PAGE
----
GET /_setup
{"state":"cluster_enabled","nodes":[]}

POST /_setup {"action":"enable_cluster"...} -> Error
POST /_setup {"action":"add_node"...} -> Stay in State 2, but return "nodes":["node B"}]
on GET
POST /_setup {"action":"add_node"...} -> if target node not available, Error
POST /_setup {"action":"finish_cluster"} with no nodes set up -> Error
POST /_setup {"action":"finish_cluster"} -> Transition to State 3


### State 3: Cluster set up, all nodes operational

GET /_setup
{"state":"cluster_finished","nodes":["node a", "node b", ...]}

POST /_setup {"action":"enable_cluster"...} -> Error
POST /_setup {"action":"finish_cluster"...} -> Stay in State 3, do nothing
POST /_setup {"action":"add_node"...} -> Error
POST /_setup?i_know_what_i_am_doing=true {"action":"add_node"...} -> Add node, stay in
State 3.

// TBD: we need to persist the setup state somewhere.

* * *

So far.

I think this is simpler than the first try. It retains the simplicity
of getting started of 1.x.x. It is fully scriptable via HTTP. It has
the same setup-security properties as 1.x.x. It requires an admin account
for cluster setup, but only on the last possible occasion in the
process. It still fully hides the Erlang cluster / secure cookie setup
from the end-user.

Does this sound sensible to you? Am I missing anything aside from the
TBD bits, for which, if you have ideas, I’d love your input! :)

Are there any deal-breaker flaws in this? What can be made simpler or
more clear?

Note that all the HTTP endpoints and field names are just placeholders,
no need to bikeshed on these just yet :)

I’m looking forward to your feedback!

Best
Jan
--





> On 25 Sep 2014, at 20:06 , Alexander Shorin <kxepal@gmail.com> wrote:
> 
> On Thu, Sep 25, 2014 at 7:56 PM, Nick Pavlica <linicks@gmail.com> wrote:
>> -The short version:
>> 
>> I would like to propose that CouchDB be developed and maintained separately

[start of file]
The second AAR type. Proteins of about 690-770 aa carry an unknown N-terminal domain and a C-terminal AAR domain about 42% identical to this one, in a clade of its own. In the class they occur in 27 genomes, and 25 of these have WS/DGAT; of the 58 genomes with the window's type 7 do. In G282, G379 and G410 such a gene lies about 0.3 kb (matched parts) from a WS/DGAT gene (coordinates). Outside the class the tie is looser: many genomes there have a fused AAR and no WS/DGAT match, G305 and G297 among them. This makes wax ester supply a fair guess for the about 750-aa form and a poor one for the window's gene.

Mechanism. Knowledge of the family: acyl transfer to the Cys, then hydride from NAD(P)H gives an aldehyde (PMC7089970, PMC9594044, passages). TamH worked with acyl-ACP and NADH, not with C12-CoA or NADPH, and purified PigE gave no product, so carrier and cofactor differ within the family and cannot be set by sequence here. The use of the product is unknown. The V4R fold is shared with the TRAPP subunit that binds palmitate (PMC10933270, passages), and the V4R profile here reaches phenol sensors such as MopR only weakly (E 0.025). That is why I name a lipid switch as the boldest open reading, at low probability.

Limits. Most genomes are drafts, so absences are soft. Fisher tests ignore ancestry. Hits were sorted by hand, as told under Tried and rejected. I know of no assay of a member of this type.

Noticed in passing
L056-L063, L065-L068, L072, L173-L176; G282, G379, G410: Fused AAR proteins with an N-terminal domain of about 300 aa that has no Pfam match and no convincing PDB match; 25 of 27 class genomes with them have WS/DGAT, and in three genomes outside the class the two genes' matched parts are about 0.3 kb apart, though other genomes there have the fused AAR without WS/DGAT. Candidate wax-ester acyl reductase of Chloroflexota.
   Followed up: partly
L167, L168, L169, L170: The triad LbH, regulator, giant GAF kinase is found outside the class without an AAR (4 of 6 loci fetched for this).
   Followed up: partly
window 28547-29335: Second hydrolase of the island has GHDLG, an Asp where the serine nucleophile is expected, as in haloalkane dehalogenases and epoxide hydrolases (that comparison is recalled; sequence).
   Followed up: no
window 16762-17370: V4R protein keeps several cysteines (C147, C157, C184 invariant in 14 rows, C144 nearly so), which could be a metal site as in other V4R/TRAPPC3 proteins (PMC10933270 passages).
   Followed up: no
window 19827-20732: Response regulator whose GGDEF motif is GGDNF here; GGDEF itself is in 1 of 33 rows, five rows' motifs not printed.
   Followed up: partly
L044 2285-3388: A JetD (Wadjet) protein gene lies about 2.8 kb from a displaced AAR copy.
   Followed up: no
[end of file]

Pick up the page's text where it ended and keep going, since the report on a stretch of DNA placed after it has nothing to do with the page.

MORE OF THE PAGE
>> from a management GUI.”
> 
> That's still would be possible. The main idea of Jan's proposal is to
> simplify the cluster setup process using Fauxton UI and magic /_setup
> helper. But that doesn't means that you won't be able to do the same
> manually from command line interface and using plain old text configs.
> Just a little bit more work to do in this case for you.
> 
>> -The longer rambling version:
>> 
>> I would like to see CouchDB 2.x+ adopt a model that resembles that of Riak,
>> Cassandra, and others, where there is a core server and everything else is
>> optional.  It’s so easy to setup a Cassandra and Riak server or cluster
>> from the command line with just a bit of good documentation.  I really like
>> the fact that they are decoupled from an administrative tool like Futon or
>> Faxuton.  By decoupling the admin GUI’s from the database, it paves the way
>> for others to create new GUI tools, and reduces the effort to release new
>> database versions.  While taking a current build of the Master branch for a
>> spin, I was trying to use Futon only to discover that it wasn’t ready for
>> the changes made in 2.0.  After some discussion on IRC, I learned that it
>> would be replaced with Faxuton.  Once I left Futon behind, and used the
>> command line I was up and running.  In the end, it was much easier to work
>> from the command line than trying to work with an outdated tool that was
>> hurting more than helping.  This is not to say that Futon, and Faxuton
>> aren’t great tools, but they add additional complexity, and development
>> effort outside the core objective of a database.  Having a minimal database
>> core also allows administrators to have a reduced burden when it comes to
>> system administration because there are fewer system dependencies to
>> update, manage, and distribute.  On small systems it isn’t as big deal, but
>> the larger systems become, the harder they are to manage.  Additionally,
>> having to interact with a UI makes it harder to setup a cluster with
>> deployment tools like Chef, etc.  CoreOS, really highlights the need to
>> reduce the administrative burden when managing large systems.  Here is a
>> video that illistrates why/how CoreOS has striped down everthing but what
>> is needed (https://www.youtube.com/watch?v=JeICd9XyXfY).  While not exactly
>> relevant, it does convey the general idea.  It could be called CoreCouch,
>> CouchCore, or … :)
> 
> CouchDB 2.0 has new project layout where each component lives in his
> own repository and roughly plug-able: you can easily turn off
> component you don't need (sure if they're not the core) and Fauxton or
> docs are the such.
> 
> --
> ,,,^..^,,,